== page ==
In a way, Briggs Cunningham was like the East Coast Carroll Shelby. He built race cars — even homologated a few. He had a Big-3 OEM deal at Le Mans, where his team won class. In another sport, Yachting, he commanded a sloop that won the America’s Cup.
He didn’t need to be the salesman that Shelby was though. His Grandfather was friends with a couple of soap makers in the early 20th century and made a wise investment with Mr. Procter and Mr. Gamble.
The videos you are about to watch covers the gamut of Cunningham’s life — as a great American racer/constructor with some wild designs and many a race win. The second, hosted by Dr. Dick Thompson, tells the story of the Cunningham C2 Corvettes as they won their class at Le Mans.
This was before the Cobras and the GT40s would make their mark. At the time of this win, the Big-3 had a “racing ban” agreement. But that did not mean there weren’t go fast parts going out the back doors of the factory to “privateers” like Cunningham. Zora Duntov and Billy Mitchell were advocates of racing — particularly on the world stage. Though only one Vette made it to the finish after the grueling endurance classic — they still managed a class win.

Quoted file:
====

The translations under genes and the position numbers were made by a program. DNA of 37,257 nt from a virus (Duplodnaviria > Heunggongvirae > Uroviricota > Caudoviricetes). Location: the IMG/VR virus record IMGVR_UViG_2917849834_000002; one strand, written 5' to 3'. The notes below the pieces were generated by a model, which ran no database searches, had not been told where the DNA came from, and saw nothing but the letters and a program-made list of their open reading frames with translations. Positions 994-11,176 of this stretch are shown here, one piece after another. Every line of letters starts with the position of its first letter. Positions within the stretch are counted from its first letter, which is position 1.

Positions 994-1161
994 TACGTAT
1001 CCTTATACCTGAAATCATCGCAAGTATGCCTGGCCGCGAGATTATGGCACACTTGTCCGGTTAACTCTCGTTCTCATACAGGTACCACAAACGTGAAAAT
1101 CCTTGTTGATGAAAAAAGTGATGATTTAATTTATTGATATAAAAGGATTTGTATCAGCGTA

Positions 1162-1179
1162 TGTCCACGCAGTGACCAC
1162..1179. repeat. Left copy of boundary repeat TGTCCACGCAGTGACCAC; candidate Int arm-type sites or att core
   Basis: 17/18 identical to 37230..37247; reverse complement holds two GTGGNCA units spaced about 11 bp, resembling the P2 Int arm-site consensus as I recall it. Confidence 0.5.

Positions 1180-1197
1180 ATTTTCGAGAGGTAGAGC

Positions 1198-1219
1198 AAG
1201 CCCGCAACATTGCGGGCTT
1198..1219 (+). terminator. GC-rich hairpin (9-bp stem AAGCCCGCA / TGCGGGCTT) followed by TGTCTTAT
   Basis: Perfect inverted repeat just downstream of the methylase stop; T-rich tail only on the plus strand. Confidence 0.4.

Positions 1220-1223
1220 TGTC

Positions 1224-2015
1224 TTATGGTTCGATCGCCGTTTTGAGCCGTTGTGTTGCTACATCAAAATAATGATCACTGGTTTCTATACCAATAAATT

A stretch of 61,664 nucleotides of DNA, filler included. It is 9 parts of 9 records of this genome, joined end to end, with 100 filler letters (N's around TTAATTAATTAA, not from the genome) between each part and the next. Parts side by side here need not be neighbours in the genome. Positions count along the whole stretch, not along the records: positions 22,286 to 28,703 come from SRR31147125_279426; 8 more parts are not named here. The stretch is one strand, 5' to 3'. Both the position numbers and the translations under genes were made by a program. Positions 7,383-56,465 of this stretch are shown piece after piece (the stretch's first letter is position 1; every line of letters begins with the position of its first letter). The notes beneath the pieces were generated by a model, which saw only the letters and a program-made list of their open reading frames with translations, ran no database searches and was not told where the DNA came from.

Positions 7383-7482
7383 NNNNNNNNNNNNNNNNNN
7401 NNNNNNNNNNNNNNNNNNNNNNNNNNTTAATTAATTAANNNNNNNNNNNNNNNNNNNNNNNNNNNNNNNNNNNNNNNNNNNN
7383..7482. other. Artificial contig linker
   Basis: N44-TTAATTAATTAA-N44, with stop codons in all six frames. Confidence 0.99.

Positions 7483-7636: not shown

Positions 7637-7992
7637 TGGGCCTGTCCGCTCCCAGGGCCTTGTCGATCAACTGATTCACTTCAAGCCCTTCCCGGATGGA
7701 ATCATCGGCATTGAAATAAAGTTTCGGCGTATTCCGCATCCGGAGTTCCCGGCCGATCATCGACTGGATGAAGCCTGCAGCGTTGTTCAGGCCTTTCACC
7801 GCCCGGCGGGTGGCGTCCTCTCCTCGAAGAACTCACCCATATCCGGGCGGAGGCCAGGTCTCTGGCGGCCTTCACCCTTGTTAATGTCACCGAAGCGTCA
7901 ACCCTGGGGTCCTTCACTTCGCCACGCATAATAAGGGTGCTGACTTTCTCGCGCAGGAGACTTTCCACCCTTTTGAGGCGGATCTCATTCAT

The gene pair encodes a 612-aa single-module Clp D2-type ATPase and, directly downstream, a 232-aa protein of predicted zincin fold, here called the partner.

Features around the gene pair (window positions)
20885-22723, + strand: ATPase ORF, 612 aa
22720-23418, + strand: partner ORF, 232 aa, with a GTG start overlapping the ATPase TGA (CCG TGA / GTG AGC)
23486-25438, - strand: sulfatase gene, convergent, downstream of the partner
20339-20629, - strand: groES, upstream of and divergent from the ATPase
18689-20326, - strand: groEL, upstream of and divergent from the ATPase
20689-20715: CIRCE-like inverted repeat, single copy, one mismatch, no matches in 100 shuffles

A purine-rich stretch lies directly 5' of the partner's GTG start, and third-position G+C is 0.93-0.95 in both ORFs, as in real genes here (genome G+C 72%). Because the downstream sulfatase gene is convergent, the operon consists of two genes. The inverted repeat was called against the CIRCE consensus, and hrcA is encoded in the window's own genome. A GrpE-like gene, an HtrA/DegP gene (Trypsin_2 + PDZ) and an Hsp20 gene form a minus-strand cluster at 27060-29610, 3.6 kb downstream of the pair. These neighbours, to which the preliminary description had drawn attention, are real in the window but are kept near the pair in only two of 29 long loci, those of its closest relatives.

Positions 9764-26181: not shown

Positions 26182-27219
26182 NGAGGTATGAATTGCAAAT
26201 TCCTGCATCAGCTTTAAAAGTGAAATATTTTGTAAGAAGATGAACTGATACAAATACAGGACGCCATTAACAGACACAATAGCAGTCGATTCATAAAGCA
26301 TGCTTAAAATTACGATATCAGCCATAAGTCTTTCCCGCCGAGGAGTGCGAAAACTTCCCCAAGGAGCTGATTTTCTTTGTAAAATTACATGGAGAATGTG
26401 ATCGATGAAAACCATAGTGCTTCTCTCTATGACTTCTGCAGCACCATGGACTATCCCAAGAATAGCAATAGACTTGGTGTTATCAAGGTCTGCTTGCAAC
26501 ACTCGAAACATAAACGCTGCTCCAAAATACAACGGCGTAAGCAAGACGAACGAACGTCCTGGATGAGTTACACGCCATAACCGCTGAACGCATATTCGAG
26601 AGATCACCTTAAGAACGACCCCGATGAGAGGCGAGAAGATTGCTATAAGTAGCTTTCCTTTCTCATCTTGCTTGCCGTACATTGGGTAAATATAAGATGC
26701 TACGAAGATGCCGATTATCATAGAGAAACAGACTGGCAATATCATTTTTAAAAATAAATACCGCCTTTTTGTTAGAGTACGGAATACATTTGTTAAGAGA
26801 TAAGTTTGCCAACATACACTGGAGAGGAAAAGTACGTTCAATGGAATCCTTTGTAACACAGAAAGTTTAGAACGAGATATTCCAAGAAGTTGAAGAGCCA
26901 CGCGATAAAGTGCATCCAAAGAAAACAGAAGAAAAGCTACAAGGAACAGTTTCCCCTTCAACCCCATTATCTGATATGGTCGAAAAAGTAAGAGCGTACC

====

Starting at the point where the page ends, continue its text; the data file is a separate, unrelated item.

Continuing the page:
If you don’t know him or much about him, this is an awesome history lesson of a man who contributed so many successes to the United States’ presence in international motorsports.
Enjoy! Happy Fourth everyone!